Hello, my name is Robert Waterworth. The fantastic folks at Thinnox have bestowed upon me the honor of writing a blog for their website. This offer could not have come at a better time. As I am getting on in my years I’ve acquired a fair bit of experience and yet I’m still young enough to recall most of it, so I best make some notes while I can still remember it all. All joking aside, being asked to jot down my thoughts and experiences has made me stop and take stock of all the twisty roads my career has taken me. If I would have to guess I would say that 99% of those twisty roads were very positive experiences. So I shall not be writing about that 1% . I choose to forget these little nasty tid bits of the past.
Let’s start my introduction to you with a little background on myself. As a young boy, I was mesmerized by things I saw on the cinema screen. Everything that had to do with animation and special effects was magic to me. Now I am them of the generation that straddles both sides of the fence. That is one foot on the analog side and the other foot in the digital side.
Now I don’t know if this is fate or just luck, nut when I was 11 years old, my public school offered an after school program in animation. The workshop was run by someone from the National Film Board of Canada. I cannot remember all the details about that workshop, but I do remember it lasting several weeks, and I did produce several different types of animated film. These little experimental films were nothing less than pure magic to me. By today’s standards, they were extremely primitive, though at the time period in which I was exposed this world, the whole process was mind blowing. Of course back in those days there was no digital medium. We were working with 16mm film stock. With one particular project, we simply took strips of exposed and developed clear film and a bunch of colored magic markers, we drew random scribbles on as many frames as we could. Then the instructor projected the 2 minute film on the screen in the classroom and we all sat back and marveled at our creation. Each student was given about 10 feet of film to work with, after a couple of hours we had produced about 2 minutes of film. In reality it was nothing more than a bunch of colored squiggles lines and dots zipping by on the projector screen, but nevertheless those were our scruples that we were watching on the screen. We were filmmakers, and we reveled in the glory. Unfortunately, there was no way to show this to anybody at home, in fact, I never saw that film again after that one screening. I assume the instructor took it home with them, in fact I wonder where it is today?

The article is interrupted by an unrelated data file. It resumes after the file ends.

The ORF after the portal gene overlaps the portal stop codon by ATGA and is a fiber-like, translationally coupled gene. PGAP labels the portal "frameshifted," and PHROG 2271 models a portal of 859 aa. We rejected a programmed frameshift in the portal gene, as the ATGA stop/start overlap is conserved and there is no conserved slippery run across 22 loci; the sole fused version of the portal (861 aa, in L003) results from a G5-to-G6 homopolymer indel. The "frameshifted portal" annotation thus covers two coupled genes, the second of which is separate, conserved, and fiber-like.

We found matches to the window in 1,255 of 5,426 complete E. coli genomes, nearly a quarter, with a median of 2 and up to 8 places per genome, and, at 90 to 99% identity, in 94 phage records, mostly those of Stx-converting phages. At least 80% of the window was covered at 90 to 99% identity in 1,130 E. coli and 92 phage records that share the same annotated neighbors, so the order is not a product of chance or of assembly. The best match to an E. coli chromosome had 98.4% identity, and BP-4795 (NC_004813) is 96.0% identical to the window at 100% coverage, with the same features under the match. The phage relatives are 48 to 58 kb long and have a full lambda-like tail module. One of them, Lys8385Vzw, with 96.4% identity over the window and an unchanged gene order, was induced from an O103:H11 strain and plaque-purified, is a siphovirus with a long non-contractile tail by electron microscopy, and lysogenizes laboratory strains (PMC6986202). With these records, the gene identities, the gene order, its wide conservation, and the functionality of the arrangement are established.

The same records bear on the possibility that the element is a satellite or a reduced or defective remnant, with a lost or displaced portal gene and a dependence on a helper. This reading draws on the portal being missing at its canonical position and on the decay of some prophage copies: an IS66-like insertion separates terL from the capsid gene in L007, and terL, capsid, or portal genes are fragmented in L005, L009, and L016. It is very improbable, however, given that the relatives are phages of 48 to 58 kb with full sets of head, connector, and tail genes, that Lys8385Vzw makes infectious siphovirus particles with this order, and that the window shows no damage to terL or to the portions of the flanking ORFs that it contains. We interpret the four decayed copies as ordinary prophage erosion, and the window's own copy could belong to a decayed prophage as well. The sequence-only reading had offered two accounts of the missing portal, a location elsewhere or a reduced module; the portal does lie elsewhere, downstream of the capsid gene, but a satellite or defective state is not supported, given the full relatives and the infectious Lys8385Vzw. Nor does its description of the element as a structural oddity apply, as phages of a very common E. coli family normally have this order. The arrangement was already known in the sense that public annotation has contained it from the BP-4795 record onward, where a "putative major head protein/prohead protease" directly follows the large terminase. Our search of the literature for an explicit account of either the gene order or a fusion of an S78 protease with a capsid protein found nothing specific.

In a world where hundreds of thousands of hours of video are uploaded to YouTube along every single day, this 2 minutes of squiggly wiggly lines seems rather insignificant. Back then television and film was an unreachable medium, so far away from our grasps. It was something that was made somewhere else by people doing something that we had no concept of. As I said before, it was pure magic. So for us budding filmmakers at the tender age of 11, being able to see something projected on a screen that we had just created was a profound experience.
I won’t bore you with every single little experiment done over the last 36 years, in fact, I’ll skip ahead a couple decades.
When I went to college, we were still pretty much in an analog world. This meant that bringing our ideas and concepts to life had some considerable barriers to overcome. The technology involved was rather cumbersome and tremendously expensive.
I started out in the industry when everything was still analog. I was witness to the birth of the digital revolution. So I’ve had the privilege or disadvantage, depending on how you want to look at it of straddling both sides of the fence.
Which side of the fence to I prefer? The answer is quite simple. The digital side. I hear those moans and groans from the old school analog people. I’ve heard all the arguments about Lps are better than CDs and film is better than DVD etc. However privileged I feel to have been part of the evolution, I think we have come a long way, and things are just getting more exciting every day.
I mentioned earlier, I made my first foray into the world of animation and filmmaking at the age of 11. I have four children; Mark is 26, Jessica is 22, Lauren is 14 and my youngest, Audrey is 10.
Audrey has inherited my for love animation. Last year we bought an IPad for the family. Nobody owns it, it just seems to float around from person to person. I like to read my magazines on it, my wife likes the check Facebook, my teenager likes to update her various social network accounts, which number in the hundreds by now.